Hartmann chooses MAN dual-fuel engines for new LPG tankers
MAN Energy Solutions has won the contract to supply individual MAN B&W ME-LGIP liquid gas injection propane dual-fuel engines to three new 5,000 cbm LPG tankers being built for Hartmann Gas Carriers, part of Germany’s Hartmann Group.
The ships are currently under construction at CIMC Sinopacific Offshore & Engineering Co., Ltd. (CIMC-SOE) shipyard in Shanghai.
As informed, each newbuilding will receive a propulsion package featuring one 5S35ME-LGIP engine with an Alpha controllable pitch propeller, power take-off (PTO), and a propulsion control system (PCS). MAN Energy Solutions also expects to introduce its new Triton control platform with the engines.
MAN Energy Solutions’ two-stroke licensee, CMD, will construct the engines in Lingang, China with delivery scheduled for the second half of 2021. The contract contains an option for two further vessels.
The new order is the latest in a series for the ME-LGIP engine. Among these, Oslo-based BW LPG recently exercised an option for further conversions of HFO-burning engines from its fleet to the dual-fuel type. This happened in the wake of the first ME-LGIP retrofit engine enjoying a successful type approval test (TAT) at the works of MAN Energy Solutions’ two-stroke licensee, STX HI, in Korea.
“After the success of our dual-fuel ME-GI engine running on ethane, orders for our ME-LGIP variant capable of running on LPG are now taking off,” Bjarne Foldager, Senior Vice President, Head of Two-Stroke Business at MAN Energy Solutions, said.
“Our low-speed, dual-fuel portfolio has now racked up over 1 million operating hours that owes everything to the strategy we have laid over the past decade,” he noted.
“Despite Hartmann expressing a strong preference for the ME-LGIP, we had to win this order in the face of very strong competition and are, naturally, very happy. The engine is a standard bearer for environmentally friendly, reliable propulsion technology with its seamless switching between fuels and the full rating and performance of the baseline, low-speed diesel engine,” Lars Zimmermann, Senior Manager and Head of Two-Stroke Direct Sales, MAN Energy Solutions, commented.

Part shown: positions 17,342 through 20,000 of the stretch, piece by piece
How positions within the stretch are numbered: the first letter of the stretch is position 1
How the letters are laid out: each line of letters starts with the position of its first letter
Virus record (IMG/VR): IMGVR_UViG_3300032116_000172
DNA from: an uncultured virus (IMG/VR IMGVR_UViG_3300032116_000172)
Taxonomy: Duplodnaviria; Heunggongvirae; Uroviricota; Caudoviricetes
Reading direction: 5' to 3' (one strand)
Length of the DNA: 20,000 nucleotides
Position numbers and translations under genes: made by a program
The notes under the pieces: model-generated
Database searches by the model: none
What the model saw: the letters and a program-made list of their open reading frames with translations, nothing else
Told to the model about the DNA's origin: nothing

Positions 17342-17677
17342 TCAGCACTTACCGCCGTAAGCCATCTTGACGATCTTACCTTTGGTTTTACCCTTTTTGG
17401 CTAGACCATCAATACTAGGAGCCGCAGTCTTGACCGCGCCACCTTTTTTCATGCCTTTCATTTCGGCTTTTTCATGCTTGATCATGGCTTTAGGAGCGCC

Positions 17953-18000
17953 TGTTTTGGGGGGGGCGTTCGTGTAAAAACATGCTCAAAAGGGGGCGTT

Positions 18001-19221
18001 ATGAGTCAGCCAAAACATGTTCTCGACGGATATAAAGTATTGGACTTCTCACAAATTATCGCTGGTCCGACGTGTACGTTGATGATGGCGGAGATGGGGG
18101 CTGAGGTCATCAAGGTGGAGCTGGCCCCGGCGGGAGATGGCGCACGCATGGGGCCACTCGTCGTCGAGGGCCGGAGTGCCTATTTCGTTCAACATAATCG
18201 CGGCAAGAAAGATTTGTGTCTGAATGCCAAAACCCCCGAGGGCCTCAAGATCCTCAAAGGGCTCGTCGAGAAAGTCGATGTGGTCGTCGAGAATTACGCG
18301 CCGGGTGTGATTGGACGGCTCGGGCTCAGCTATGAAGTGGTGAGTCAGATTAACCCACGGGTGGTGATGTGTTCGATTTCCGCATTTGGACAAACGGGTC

LPG and the ME-LGIP engine
MAN Energy Solutions said that interest in using LPG as a fuel, within and outside of the LPG carrier segment, is growing due to its sulphur-free character, widespread availability and ease of bunkering.
In gas mode, the ME-LGIP engine operates on just 3 per cent pilot oil and down to 10 per cent load. Ultimately, the company expects the engine to operate without the need for pilot oil.
The ME-LGIP engine can also burn liquid volatile organic compounds — described as a deliberate move on the company’s part since the IMO will inevitably turn its focus towards the reduction of volatile organic compounds in the future.
The diesel principle provides the ME-LGIP engine with high operational stability and efficiency, including during load changes and fuel change-over, while defining properties such as a stable change-over from one fuel type to another with no fuel-penalties are maintained. The negligible gas slip of the ME-LGIP engine makes it “the most environmentally friendly, two-stroke technology available”, according to the engine manufacturer.
MAN Energy Solutions also reported that the ME-LGIP engine has experienced an up to 18 per cent reduction in CO2 and circa 90 per cent reduction in particulate matter when running on LPG, compared with HFO.
As disclosed earlier, MAN’s portfolio of two-stroke, dual-fuel engines has accumulated 1 million operating hours. The milestone comes on the back of the 300 engines/6.3 GW sales the company recently announced for the segment – all running on clean fuels such as LNG, LPG, ethane and methanol.
MAN Energy Solutions’ ME-GI (gas injection) and ME-LGI engines form the core of its two-stroke, dual-fuel portfolio and have notched many notable industry-firsts since their market introduction, including the very first oceangoing ships operating respectively on LNG, methanol, ethane and LPG. To this end, the company recently released an Mk II ME-GI model and are currently, owing to market demand, developing an Otto-cycle variant – the ME-GA.
Triton is the new controller platform for MAN Energy Solutions’ entire, two-stroke engine portfolio and is a future-proof solution characterised by its modularity, flexibility and scalability, MAN Energy Solutions said.
“Having such a stable, flexible foundation for the company’s control software will benefit the future direction of its two-stroke technology immensely going forward. Triton delivers extra computing power and a faster network and I/O flexibility to face future demands; it also crucially encompasses cyber security by design,” MAN explained.
Maritime energy transition
The ME-LGIP engine ties in with MAN Energy Solutions’ belief that it is time for what it terms a maritime energy transition to find clean, decarbonised solutions for seaborne trade and transportation, the company said.
Essentially, it is the company’s call to action to reduce emissions and establish natural gases as the fuels of choice in global shipping.
MAN further said it strongly promotes a global ‘turn to gas’, driven by the IMO, and a common approach by the shipping industry and politics to invest in infrastructure development and retrofits.